FDA Approves Crofelemer as First-Ever Oral Botanical Drug
On New Year's Eve of 2012, the US Food and Drug Administration (FDA) announced its approval of crofelemer (Fulyzaq™, Salix Pharmaceuticals, Ltd., Raleigh, North Carolina) — marking the second time a botanical, and the first time an orally administered botanical, has received drug approval from the Administration.(1) The first botanical drug to be approved in the United States was a topical green tea extract, Veregen®, in 2006.(2) Both botanical drugs meet all US pharmaceutical requirements and can be dispensed only by prescription.
Crofelemer is the first drug to be approved in the United States to treat HIV-associated diarrhea.(1) It is derived from the latex of the South American sangre de drago tree (dragon's blood, Croton lechleri).(2) A red, blood-resembling latex leaks from the tree when its bark is cut, and it is this substance that contains the novel polymolecular structure crofelemer, originally developed and standardized by Shaman Pharmaceuticals.
According to FDA's press release regarding the approval, "The safety and efficacy of Fulyzaq were established in a clinical trial of 374 HIV-positive patients on stable antiretroviral therapy [ART] with a history of diarrhea lasting one month or longer... Results showed that 17.6 percent of patients taking Fulyzaq experienced clinical response compared with 8 percent taking placebo. In some patients, a persistent anti-diarrheal effect was seen for 20 weeks."(1)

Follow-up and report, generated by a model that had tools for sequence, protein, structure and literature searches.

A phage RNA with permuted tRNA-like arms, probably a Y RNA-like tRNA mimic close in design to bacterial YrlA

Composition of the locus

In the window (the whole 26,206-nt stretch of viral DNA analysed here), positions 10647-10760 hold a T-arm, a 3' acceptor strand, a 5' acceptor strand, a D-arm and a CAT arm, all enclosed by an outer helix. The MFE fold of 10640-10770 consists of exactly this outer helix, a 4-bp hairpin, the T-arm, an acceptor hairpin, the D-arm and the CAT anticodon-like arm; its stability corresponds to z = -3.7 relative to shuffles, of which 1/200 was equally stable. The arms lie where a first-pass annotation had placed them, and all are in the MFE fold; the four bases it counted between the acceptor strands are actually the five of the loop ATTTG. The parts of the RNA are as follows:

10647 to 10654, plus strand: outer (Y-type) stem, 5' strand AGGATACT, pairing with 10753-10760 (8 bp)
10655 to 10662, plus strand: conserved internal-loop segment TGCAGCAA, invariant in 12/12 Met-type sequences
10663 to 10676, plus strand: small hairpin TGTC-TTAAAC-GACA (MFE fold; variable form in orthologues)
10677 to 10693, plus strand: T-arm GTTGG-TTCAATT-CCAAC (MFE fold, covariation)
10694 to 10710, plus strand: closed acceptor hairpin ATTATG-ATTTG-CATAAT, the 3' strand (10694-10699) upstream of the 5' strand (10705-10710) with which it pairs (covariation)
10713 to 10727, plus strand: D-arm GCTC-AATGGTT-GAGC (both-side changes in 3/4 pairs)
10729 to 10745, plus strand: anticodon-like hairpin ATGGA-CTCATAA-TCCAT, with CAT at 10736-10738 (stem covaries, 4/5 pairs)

The herbal medicine and pharmaceutical communities have been expressing satisfaction with FDA's decision, ushered out the door on the last day of the year — an action typical of FDA efforts to complete pending drug reviews before the end of each calendar year.(3) Salix, which owns the license for crofelemer's development and submitted the product's New Drug Application (NDA) for review, called the approval a "significant step forward in addressing the unmet medical need of people with HIV/AIDS on ART who experience non-infectious diarrhea."(4) According to a Salix press release, the company expects Fulyzaq to be available to patients in early 2013. A Bloomberg analysis estimates crofelemer will bring the company sales of $18 million in 2013 and $26 million in 2014.(5) Napo Pharmaceuticals (San Francisco, California), the company that owns the intellectual property rights of the drug, will issue comments in the coming days (S. King, email, January 2, 2013). Glenmark Pharmaceuticals, Ltd., the India-based manufacturer and supplier of crofelemer for the US market, experienced an increase in market shares of 3.4 percent following the announcement.(6)